Alex Trimble is halfway across the world, locked in a tour bus that’s been driving overnight from Kansas City to Columbus, Ohio. This summer Two Door Cinema Club will continue their current festival circuit across the States before heading across Europe and then to Asia, playing gigs in Malaysia, South Korea, Thailand and Japan over the coming months. It’s turning out to be a busy year for a band that hadn’t played live for two years until a few months ago - or released an album for four. So where the hell have Two Door Cinema Club been?
“By the end of the last touring cycle, we just didn’t want to be around each other at all. We’d had enough,” frontman Alex admits of their unplanned hiatus. “That’s just what comes with spending five years locked up in a little box together.”
There’s no doubt Two Door’s rise was pretty sharp, with little time to take stock. The three childhood friends from Bangor, Northern Ireland were not long out of school when they recorded debut LP ‘Tourist History’. After that they barely stopped, embarking on a relentless record-tour-promote treadmill that propelled them straight back in the studio to record a follow-up. Like many musicians who put out a second album quickly, as Alex says so not to “lose the momentum we had”, he has a few regrets about not giving their sound room to breathe and grow.
“We didn’t have time to want to put it together,” he says of 2012’s ‘Beacon’. “And I don’t look back on that album or the making of it very fondly… I think we played it far too safe.”
“I don’t look back on ‘Beacon’ or the making of it very fondly.”
— Alex Trimble, Two Door Cinema Club
What followed was two years in which Alex reckons they did “nothing” as a band, a silence that left many fans wondering when, or even if, they’d ever make a return. That was until the beginning of 2016 when, along with bassist Kevin Baird and drummer Sam Halliday, he convened in LA with producer Jacknife Lee to see if time apart had affected their ability or desire to try to make a third album. Luckily, it hadn't.
“The break and the time apart gave us reason to not be worried so much,” Alex says. “It was very relaxed. Having time to kind of let the years pass thinking and register, I think it brought an extra confidence or fearlessness almost,”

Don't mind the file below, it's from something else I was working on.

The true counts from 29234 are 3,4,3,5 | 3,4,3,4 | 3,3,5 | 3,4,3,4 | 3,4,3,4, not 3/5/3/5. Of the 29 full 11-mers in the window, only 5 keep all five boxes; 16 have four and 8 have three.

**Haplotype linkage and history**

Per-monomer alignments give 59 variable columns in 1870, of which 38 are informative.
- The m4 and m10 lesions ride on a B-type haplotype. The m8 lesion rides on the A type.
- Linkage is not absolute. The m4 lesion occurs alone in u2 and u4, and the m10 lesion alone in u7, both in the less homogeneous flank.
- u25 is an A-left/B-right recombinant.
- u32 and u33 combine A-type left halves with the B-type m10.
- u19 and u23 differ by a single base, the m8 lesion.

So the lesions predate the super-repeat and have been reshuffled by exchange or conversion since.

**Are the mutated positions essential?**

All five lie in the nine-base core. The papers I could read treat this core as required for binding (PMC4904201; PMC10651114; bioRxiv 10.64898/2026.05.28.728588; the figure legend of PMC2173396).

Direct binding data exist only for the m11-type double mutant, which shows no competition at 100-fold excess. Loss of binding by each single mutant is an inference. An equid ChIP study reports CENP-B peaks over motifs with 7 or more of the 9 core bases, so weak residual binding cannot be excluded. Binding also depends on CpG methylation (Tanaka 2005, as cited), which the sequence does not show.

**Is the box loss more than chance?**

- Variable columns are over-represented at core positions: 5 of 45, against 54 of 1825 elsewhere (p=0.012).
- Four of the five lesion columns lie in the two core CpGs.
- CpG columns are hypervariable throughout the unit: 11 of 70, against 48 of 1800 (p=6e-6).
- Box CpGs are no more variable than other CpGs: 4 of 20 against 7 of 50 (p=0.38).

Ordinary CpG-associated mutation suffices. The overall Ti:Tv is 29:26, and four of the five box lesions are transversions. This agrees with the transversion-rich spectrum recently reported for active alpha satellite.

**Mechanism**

Their time together in LA produced an album - 'Gameshow', due this October - that clearly shows a band that have grown up, diversified and, importantly for them, taken risks.
‘Are We Ready (Wreck)’
Take the album's namesake as one example: 'Gameshow', a new song they've been playing on their US tour, is a larger-than-life rock song with a winding guitar line that begs to be played to festival crowds. Elsewhere, 'Bad Decisions' teams falsetto vocals with a funk-style bass line, and lead single 'Are We Ready? (Wreck)' begins with a sample of a harmonious children's choir before launching into a sleek, upbeat pop tune. Have no doubts, this album is definitively a Two Door Cinema Club creation. But it’s one that’s unafraid to step away from the pop-tinged indie their built their name on.
“I think at it's core, it's a pop record,” Alex explains, not a Taylor Swift kind of pop, he stresses, but “more traditional pop, if that's a thing”. One such 'traditional' pop pioneer who played an influence was the late David Bowie: “He embraced pop music in the most wonderful way… He would bring it outside of his own time and I wanted to try and capture some of that with our record.”
With this album, Two Door Cinema Club have had time to look back on their past success and move it forward. After “kind of doing [the last record] for other people… All the wrong reasons to be doing something,” this time round their reason is pretty simple.“My only real aim, which for now I'm almost kind of there,” Alex says, “is just to make something that I am genuinely proud of.”
But isn't there a risk that fans will be surprised at their new direction in sound? Alex seems unfazed: “There's a chance we might lose some older fans but there's a chance that we might make some more fans as well. I've so much confidence in this that surprises will only be a good thing”.